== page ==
The latest health news, scientific trends and medical information
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Winter Weather? How to Stay Safe

From frostbite to heart attacks, winter weather can create many potential health hazards. As a blizzard hits much of the eastern U.S.  and temps in the single digits and below zero cover much of the country, here are some tips to keep you safe, both indoors and out. Preventing Frostbite …

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Travelers’ Diarrhea: New Guidelines for Prevention and Treatment

Travelers’ Diarrhea: New Guidelines Travelers’ diarrhea is the most predictable travel-related illness and affects 30%-70% of international travelers, depending on destination, season of travel, and other factors.[1] Although most cases of travelers’ diarrhea are self-limited and mild to moderate in severity, diarrhea can limit a tourist’s itinerary or business activities. Consequently, …

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Early Bronchodilator Use Increases Heart Disease Risk in COPD

New use of long-term inhaled bronchodilators is associated with an early increase in the risk for cardiovascular disease (CVD), the findings of a new study suggest. In a large observational study, the risk for CVD in people with chronic obstructive pulmonary disease (COPD) was increased approximately 1.5-fold during the first …

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Nerve-Transfer Surgery Improves Function in Paralyzed Hand

Transferring the C7 nerve from the nonparalyzed to the paralyzed side in patients with a stroke or other cerebral injury resulted in improved function and reduced spasticity in the affected arm, new research has shown. The study, led by Mou-Xiong Zheng, MD, PhD, Department of Hand Surgery, Huashan Hospital, and …

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Heparin-Induced Thrombocytopenia

Heparin-induced thrombocytopenia (HIT) is a complication of heparin therapy. [1]There are two types of HIT. Type 1 HIT presents within the first 2 days after exposure to heparin, and the platelet count normalizes with continued heparin therapy. Type 1 HIT is a nonimmune disorder that results from the direct effect of …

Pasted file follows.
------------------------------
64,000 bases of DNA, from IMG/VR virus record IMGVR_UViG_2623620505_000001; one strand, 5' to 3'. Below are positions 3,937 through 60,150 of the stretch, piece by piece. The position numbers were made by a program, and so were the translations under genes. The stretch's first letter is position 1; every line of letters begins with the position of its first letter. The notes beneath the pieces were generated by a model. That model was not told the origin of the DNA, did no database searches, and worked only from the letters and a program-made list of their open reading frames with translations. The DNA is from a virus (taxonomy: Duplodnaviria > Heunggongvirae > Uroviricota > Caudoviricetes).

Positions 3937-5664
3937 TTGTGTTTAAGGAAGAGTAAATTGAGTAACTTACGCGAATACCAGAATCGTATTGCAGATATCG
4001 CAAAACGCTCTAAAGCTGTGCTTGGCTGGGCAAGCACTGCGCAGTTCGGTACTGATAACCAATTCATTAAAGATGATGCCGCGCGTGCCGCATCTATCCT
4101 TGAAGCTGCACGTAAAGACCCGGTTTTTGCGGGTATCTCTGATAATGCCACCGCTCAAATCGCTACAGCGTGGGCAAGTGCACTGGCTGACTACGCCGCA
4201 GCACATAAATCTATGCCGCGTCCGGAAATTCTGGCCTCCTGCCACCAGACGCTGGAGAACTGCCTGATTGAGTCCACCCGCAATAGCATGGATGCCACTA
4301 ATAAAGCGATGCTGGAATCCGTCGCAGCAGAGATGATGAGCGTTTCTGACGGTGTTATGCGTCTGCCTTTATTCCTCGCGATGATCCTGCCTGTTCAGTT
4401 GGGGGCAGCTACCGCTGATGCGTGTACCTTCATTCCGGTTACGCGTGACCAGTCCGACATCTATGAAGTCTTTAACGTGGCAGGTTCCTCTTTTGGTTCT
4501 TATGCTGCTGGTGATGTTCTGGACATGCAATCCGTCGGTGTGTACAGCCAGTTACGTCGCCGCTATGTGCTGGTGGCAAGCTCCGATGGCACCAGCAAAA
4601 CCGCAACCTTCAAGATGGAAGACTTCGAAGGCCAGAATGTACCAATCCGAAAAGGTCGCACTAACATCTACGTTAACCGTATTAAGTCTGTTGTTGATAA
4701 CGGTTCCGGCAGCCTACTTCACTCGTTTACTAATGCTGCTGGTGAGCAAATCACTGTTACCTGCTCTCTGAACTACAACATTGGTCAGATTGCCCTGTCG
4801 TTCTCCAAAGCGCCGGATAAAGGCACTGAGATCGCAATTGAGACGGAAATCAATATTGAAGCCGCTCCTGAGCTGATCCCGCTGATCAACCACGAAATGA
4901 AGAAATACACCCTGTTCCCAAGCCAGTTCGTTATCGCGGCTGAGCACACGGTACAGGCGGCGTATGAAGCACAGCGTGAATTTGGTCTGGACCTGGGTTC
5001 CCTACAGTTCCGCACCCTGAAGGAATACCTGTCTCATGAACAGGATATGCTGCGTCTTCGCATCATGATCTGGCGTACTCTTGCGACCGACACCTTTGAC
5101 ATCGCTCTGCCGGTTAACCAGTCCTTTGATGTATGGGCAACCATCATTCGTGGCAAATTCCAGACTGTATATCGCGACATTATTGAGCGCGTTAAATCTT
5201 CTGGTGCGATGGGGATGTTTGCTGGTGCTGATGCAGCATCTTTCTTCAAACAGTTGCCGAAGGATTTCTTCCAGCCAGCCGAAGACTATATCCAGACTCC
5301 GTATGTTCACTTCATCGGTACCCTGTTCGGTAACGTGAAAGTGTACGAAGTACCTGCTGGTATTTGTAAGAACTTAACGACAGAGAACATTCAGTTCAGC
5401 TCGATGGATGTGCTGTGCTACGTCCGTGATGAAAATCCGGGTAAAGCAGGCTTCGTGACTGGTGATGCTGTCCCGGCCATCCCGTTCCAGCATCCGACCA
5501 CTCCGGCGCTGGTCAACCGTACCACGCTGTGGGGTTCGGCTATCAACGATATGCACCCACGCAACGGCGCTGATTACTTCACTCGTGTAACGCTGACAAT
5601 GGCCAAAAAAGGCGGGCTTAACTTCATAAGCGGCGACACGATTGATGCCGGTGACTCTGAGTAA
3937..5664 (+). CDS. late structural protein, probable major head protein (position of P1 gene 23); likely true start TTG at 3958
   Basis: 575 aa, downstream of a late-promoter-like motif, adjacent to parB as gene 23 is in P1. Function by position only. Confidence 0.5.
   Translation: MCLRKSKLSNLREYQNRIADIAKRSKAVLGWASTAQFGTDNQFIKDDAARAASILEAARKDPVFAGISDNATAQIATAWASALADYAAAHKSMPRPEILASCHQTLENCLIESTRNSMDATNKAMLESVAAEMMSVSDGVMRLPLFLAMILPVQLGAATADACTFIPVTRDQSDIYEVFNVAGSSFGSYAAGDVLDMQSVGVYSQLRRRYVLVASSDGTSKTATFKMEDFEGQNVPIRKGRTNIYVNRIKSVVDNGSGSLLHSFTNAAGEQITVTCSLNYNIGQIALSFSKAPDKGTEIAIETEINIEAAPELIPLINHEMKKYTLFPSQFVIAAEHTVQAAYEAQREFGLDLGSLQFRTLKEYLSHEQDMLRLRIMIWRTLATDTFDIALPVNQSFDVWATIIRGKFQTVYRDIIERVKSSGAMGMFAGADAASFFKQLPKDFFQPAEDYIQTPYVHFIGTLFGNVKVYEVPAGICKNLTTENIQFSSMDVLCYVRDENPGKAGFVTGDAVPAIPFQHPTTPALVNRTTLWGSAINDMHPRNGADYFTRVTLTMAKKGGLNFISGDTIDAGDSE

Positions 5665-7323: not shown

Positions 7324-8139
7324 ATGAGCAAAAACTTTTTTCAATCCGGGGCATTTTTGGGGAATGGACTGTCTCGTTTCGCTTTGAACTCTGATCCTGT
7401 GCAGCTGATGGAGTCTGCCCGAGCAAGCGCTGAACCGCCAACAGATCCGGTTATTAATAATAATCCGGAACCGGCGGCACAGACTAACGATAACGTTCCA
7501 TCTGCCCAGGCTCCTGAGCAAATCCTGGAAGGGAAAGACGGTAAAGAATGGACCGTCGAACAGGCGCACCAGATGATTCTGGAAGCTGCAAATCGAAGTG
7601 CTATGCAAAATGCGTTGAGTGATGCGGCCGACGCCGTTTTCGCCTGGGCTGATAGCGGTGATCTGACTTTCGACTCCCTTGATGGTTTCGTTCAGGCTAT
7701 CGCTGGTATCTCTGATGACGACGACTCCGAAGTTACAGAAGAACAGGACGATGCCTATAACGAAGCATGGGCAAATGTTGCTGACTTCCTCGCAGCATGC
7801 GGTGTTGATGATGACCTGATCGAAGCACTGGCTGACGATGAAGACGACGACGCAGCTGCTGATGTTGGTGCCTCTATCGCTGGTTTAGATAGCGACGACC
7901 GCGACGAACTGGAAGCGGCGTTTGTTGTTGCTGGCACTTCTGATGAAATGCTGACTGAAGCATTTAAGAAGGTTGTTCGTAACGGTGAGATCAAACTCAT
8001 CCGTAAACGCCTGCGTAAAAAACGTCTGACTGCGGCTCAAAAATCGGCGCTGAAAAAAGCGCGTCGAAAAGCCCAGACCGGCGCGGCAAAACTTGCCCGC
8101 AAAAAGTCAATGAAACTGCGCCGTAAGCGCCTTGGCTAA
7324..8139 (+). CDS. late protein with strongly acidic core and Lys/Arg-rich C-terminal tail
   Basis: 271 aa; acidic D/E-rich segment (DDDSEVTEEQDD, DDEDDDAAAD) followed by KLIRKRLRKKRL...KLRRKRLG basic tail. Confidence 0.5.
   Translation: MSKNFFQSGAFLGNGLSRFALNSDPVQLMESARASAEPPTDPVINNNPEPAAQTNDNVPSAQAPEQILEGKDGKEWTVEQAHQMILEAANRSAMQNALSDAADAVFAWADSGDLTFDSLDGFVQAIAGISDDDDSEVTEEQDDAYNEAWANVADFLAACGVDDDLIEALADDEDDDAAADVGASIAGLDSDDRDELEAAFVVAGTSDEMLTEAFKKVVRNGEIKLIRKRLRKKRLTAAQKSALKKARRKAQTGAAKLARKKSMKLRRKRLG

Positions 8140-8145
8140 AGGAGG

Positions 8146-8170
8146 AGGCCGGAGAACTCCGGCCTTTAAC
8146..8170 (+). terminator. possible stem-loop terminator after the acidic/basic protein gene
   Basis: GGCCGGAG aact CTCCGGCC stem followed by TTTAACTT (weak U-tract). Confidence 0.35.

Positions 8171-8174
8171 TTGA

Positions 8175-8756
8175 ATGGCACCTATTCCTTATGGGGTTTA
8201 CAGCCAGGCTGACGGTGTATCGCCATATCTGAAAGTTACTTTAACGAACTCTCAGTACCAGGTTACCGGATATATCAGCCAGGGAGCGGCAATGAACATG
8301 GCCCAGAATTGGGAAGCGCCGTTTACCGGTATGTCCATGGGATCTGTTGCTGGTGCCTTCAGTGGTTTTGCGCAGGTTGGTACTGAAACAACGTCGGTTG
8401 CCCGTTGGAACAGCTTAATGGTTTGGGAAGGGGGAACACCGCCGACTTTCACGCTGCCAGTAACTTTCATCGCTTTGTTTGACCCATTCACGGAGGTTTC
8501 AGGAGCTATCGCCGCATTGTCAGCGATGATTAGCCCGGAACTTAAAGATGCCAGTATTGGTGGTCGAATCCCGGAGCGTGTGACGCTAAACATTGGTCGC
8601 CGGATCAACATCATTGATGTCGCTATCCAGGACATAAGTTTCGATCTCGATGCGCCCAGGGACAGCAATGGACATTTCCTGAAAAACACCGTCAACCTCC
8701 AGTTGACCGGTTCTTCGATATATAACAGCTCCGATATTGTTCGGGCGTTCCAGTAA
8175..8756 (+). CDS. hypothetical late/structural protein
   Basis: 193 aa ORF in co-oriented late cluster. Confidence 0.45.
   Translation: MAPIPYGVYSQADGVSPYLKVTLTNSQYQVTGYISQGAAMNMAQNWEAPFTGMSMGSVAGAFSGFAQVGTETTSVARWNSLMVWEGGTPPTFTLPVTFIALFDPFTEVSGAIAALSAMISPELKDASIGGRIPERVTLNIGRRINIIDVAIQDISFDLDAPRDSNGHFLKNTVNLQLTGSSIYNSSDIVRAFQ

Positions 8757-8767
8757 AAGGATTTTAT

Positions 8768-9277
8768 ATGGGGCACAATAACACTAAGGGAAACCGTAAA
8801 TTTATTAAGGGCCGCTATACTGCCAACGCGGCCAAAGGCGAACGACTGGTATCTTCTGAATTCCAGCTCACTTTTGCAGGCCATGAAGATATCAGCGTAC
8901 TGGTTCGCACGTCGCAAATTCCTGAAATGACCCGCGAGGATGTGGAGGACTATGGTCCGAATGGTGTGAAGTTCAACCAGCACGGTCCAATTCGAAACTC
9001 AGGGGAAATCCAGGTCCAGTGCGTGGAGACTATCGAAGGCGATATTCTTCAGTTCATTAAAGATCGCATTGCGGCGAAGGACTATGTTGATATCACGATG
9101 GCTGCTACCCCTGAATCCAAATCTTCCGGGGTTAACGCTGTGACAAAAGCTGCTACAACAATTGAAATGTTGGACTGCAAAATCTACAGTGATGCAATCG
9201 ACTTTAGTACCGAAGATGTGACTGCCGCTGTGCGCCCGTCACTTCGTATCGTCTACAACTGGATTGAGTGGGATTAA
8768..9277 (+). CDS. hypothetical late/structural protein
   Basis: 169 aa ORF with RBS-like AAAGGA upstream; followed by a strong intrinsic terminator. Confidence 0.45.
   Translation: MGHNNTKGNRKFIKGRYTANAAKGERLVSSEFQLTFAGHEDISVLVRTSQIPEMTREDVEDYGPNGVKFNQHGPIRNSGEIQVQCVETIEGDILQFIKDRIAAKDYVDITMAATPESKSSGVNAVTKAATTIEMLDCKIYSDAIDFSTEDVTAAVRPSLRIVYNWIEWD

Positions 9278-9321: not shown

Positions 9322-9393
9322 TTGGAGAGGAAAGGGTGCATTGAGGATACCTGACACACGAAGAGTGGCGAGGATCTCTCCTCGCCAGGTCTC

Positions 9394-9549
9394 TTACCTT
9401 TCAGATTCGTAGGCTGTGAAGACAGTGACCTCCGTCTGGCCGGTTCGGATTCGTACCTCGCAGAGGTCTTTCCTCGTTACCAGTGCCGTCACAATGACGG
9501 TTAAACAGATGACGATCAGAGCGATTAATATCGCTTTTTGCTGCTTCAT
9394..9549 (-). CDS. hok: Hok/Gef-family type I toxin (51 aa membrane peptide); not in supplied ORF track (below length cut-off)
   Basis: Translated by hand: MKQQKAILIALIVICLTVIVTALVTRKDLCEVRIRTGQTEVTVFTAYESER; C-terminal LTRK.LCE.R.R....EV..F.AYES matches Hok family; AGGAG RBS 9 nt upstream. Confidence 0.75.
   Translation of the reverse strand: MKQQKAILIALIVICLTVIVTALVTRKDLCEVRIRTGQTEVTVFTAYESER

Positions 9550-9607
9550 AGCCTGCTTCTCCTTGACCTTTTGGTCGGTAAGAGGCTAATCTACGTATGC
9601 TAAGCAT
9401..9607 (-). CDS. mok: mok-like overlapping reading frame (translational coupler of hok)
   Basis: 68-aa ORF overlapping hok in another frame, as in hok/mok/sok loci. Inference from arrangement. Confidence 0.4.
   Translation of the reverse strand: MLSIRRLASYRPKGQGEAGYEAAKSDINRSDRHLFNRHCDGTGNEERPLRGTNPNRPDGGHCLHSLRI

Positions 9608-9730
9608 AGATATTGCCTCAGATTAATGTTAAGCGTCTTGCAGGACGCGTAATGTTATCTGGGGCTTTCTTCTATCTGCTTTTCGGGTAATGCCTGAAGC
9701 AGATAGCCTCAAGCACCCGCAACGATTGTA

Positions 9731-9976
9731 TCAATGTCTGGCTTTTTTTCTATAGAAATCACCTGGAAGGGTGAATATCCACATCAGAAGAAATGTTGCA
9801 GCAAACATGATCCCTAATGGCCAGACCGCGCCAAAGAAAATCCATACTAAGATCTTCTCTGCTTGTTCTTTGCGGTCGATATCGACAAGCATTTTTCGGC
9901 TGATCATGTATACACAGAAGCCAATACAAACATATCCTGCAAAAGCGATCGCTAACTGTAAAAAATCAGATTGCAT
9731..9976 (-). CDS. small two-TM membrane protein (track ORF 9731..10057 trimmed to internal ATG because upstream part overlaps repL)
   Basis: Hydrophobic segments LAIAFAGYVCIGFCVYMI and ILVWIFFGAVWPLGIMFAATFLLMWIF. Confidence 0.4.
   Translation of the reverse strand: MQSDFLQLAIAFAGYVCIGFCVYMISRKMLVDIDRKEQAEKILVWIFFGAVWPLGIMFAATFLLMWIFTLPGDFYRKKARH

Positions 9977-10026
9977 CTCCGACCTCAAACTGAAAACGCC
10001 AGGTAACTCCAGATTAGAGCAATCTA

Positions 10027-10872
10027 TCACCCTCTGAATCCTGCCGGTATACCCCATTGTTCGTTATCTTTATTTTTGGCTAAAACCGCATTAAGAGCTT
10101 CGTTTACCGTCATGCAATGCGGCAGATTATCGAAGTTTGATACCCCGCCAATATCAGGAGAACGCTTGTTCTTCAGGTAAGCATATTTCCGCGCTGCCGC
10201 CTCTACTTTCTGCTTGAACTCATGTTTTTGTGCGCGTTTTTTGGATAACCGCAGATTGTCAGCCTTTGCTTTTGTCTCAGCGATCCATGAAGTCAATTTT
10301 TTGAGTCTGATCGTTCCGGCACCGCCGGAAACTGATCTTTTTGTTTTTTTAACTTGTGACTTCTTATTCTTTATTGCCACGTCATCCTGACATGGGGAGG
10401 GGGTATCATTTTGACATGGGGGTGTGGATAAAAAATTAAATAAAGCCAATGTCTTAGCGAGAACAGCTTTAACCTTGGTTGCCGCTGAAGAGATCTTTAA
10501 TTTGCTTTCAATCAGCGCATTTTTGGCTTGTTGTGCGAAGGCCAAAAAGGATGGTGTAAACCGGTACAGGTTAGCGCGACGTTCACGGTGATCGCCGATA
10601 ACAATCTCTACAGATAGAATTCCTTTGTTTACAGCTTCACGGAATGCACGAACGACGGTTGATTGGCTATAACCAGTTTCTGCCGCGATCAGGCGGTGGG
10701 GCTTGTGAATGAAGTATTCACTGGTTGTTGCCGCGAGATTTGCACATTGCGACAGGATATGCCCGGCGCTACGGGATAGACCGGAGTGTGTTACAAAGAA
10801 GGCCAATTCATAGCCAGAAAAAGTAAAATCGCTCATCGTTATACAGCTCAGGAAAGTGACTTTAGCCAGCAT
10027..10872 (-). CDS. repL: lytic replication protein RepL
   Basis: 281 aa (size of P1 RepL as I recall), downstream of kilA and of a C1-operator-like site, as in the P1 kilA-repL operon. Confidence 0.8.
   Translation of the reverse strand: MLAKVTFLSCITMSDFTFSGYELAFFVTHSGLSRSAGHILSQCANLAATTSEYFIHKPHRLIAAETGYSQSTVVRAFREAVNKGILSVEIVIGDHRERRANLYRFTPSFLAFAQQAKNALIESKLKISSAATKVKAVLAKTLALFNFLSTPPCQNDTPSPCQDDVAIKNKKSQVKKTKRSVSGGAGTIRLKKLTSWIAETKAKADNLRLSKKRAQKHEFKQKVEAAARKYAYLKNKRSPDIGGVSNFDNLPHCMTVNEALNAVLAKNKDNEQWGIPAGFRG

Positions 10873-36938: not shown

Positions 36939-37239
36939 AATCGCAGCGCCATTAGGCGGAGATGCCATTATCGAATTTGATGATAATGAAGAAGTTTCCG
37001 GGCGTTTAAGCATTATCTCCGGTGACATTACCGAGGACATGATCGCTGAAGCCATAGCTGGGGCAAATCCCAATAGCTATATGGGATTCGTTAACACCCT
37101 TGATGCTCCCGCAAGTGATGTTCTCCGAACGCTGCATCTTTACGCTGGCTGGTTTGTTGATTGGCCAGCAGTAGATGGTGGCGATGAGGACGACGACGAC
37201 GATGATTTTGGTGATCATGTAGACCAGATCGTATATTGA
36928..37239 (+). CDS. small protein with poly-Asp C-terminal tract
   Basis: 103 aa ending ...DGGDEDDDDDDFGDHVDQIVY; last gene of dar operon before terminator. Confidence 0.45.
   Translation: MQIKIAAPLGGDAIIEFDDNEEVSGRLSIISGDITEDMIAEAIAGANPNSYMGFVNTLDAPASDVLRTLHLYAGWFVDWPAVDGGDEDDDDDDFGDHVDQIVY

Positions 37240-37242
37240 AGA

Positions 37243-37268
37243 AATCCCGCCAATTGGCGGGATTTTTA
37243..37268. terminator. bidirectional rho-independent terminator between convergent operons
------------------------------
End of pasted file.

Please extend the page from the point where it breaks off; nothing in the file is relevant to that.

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Acquired Hemophilia

Acquired hemophilia is a rare but potentially life-threatening bleeding disorder caused by the development of autoantibodies (inhibitors) directed against plasma coagulation factors, most frequently factor VIII (FVIII). Signs and symptoms Most patients with acquired hemophilia present with hemorrhages into the skin, muscles, or soft tissues and mucous membranes. Intra-articular bleeding …

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Angina Pectoris in Emergency Medicine

Angina pectoris (AP) represents the clinical syndrome occurring when myocardial oxygen demand exceeds supply. The term is derived from Latin; the literal meaning is “the choking of the chest;” angere, meaning “to choke” and pectus, meaning “chest.” The first English-written account of recurrent angina pectoris was by English nobleman Edward Hyde, Earl of Clarendon. He …

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Anticoagulation in Deep Venous Thrombosis

Anticoagulant therapy remains the mainstay of medical therapy for deep venous thrombosis (DVT) because it is noninvasive, it treats most patients (approximately 90%) with no immediate demonstrable physical sequelae of DVT, it has a low risk of complications, and its outcome data demonstrate an improvement in morbidity and mortality. Meta-analyses …

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Acute Pericarditis

Practice Essentials Acute pericarditis is an inflammation of the pericardium characterized by chest pain, pericardial friction rub, and serial ECG changes. The first and last stages of ECG changes are seen in the images below. Stage 1 electrocardiograph changes in a patient with acute pericarditis. View Media Gallery Stage 4 …

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Acute Aortic Dissection

Aortic dissection is the most common catastrophe of the aorta, 2-3 times more common than rupture of the abdominal aorta. When left untreated, about 33% of patients die within the first 24 hours, and 50% die within 48 hours. The 2-week mortality rate approaches 75% in patients with undiagnosed ascending …

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